The Wikimedia Foundation is - said roughly - the organisation running the infrastructure behind Wikipedia. The Foundation is governed by a Board of Trustees comprised of volunteers. Out of the 10 board members 3 are elected by the community of the Wikimedia projects. This election is now.
There is an election page and several posts about who to vote. I will focus on "How to vote" or: how to maximize impact with your votes..
In general the system used is a form of approval voting. As such it is similar used to the voting system used by Wikimedia Deutschland for its board and as already written in this blog (and agreed upon by Wikipedia): there are two ways to maximize impact in such as system:
When you really want somebody to be on the board only vote for this person (or these people) = Bullet voting
When you really want somebody not to be on the board vote for everybody but this person. = Compromise voting.
But the WMF system does not offer two choices (yes or nay) but three (yes, neutral, nay) and even more interesting. The different votes are weighted differently. In the most likely outcomes the nay votes will have way more impact than the yes votes. Neutral votes are not counted in any way:
Voters submit votes using a Support/Neutral/Oppose system. The votes will be tallied and the candidates will be ranked by percentage of support, defined as the number of votes cast in support of the candidate divided by the total number of votes cast for the candidate ("neutral" preferences are not counted, so this is the sum of support and oppose votes) - Support/Support+Oppose. The candidates with the highest percentage of support will be recommended to the Board of Trustees for appointment, which occurs once additional verification of requirements is completed.
Why nay votes countTo give you some examples with small numbers:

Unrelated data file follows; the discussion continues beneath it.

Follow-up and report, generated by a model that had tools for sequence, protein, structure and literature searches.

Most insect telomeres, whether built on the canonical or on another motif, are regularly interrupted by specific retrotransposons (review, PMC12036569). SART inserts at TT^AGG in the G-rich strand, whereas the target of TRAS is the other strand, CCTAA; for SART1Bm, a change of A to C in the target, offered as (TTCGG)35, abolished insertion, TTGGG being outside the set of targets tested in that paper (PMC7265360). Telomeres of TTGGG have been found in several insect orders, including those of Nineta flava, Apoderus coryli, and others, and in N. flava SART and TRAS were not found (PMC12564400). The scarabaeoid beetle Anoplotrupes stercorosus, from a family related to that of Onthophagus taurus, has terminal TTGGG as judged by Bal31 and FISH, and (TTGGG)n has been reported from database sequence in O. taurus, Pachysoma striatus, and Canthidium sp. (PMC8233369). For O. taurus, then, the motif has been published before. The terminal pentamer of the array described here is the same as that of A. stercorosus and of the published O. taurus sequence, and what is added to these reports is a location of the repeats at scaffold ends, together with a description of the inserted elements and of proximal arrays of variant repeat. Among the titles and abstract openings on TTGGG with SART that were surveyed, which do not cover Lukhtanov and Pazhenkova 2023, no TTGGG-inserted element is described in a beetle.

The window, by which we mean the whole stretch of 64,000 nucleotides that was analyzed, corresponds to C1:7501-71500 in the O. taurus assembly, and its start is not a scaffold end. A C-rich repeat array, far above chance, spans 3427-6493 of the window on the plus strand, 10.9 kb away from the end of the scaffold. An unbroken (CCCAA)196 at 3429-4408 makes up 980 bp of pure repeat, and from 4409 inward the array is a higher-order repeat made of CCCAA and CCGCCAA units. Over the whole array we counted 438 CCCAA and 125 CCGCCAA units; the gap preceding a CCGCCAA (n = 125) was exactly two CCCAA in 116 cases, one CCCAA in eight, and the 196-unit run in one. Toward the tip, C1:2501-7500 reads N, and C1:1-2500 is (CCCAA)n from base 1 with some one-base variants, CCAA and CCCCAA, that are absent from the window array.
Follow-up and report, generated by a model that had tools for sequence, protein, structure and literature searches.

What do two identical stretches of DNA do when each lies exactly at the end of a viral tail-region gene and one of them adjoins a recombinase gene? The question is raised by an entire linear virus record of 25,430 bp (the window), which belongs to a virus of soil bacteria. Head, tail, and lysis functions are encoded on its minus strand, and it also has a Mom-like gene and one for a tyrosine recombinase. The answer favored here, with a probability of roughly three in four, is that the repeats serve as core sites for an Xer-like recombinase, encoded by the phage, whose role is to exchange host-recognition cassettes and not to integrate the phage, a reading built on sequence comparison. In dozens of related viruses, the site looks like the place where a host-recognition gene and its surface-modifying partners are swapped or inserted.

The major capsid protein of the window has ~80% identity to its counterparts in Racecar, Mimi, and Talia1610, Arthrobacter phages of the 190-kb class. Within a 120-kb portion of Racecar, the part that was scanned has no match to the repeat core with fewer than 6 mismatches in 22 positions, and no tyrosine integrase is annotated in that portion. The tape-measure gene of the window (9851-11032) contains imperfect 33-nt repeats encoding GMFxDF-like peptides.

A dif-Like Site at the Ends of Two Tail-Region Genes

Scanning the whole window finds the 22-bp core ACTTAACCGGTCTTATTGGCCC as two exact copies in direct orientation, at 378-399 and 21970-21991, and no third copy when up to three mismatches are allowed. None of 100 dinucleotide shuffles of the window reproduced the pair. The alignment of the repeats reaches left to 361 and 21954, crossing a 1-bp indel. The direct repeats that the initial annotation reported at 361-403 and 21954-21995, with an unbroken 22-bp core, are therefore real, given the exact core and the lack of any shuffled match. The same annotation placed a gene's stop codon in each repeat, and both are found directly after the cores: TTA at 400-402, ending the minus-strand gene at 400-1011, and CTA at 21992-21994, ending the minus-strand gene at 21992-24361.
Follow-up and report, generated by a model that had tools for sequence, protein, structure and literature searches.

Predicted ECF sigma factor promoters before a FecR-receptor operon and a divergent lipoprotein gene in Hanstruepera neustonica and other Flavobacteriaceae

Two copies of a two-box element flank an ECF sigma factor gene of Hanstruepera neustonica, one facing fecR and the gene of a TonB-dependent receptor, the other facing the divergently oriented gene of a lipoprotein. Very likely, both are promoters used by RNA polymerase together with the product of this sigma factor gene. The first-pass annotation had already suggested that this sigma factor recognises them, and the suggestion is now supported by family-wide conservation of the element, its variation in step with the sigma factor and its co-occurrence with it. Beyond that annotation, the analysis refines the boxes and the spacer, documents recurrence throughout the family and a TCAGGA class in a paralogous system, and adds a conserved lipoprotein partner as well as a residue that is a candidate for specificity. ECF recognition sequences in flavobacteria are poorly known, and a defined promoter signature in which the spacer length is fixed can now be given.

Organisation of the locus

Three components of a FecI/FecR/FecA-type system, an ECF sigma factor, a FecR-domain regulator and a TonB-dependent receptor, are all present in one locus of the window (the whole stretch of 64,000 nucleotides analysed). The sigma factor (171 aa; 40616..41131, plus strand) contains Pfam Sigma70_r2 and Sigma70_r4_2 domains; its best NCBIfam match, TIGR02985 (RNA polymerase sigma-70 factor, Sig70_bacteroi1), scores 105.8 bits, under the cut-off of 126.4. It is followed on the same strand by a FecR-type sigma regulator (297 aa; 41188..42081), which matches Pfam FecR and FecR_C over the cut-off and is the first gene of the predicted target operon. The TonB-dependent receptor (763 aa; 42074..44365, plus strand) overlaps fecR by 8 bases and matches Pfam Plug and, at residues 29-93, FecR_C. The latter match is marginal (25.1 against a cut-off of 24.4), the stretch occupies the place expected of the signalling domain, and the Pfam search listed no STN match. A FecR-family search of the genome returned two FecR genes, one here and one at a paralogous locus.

Person A who receives 9 support votes and one oppose vote has an approval rate of 90%.
Person B who receives 17 support votes and two oppose votes has an approval rate of 89%.
In this case person A would be the winner although in total numbers he has only half the support of person B. In this scenario the candidate needs 9 support votes to make up for one oppose vote.
This of course works for bigger numbers as well:
A 90- 10 gives an approval rate of 90%
B 900-101 gives an approval rate of 89,91%
A. 900 - 100 gives an approval rate of 90%
B: 908 - 101 gives an approval rate of 89,99%
The higher the approval rate for the top candidates is in general, the higher is the impact of a negative vote.
With an approval rate of 90% for the top canditaes voting nay has 9 times more impact than voting yes. Around 80% approval rate the impact of a nay is 4 times as big, around 70% approval rate the factor is below 3 and around 50% the factor is just one. Below 50%, the support votes become more influential than nays.
Given normal circumstances in such an election the approval rates for the top three candidates should be over 70 or 80%; so a negative given has three to four times than impact than a positive vote given.
For you as tatical voter this means: don't waste nay-votes. Don't vote neutral.
What does that mean?First, let's hope not everybody votes strategically - the likely outcome would be that all of the candidates will receive an approval rate of less than 50% which would really deligitimize the whole system. But probably this won't happen.
What will likely happen is another scenario: not the people who have the most support in the movement will win, but those who have the least opposition. This of course favours a different kind of candidates: people more keen on compromise, without strong opinions and more middle-of-the-road-types.
On the good side: the probably will make the board in general more efficient. Middle-of-the-road candidates need less time and attention of the other board members. For an international board comprised of 10 volunteers this is important. Coordinating 10 people in this setting is even strenous enough when all of the are great teamplayers.
On the good side: if gives a fighting chance to people from smaller projects. They may not be as well known internationally as those from the english Wikipedia but in this system it's not really the total number of people supporting one candidate that counts. Coming from a smaller project and having a big majority there supporting you could be more helpful.
But, seen from a community standpoint, it favours candidates who are less likely to stand for their points, who are less assertive and are less ready that may hurt or are not popular. Or, said differently: it favours candidates who just may get lost inside the board and never be seen again after their election.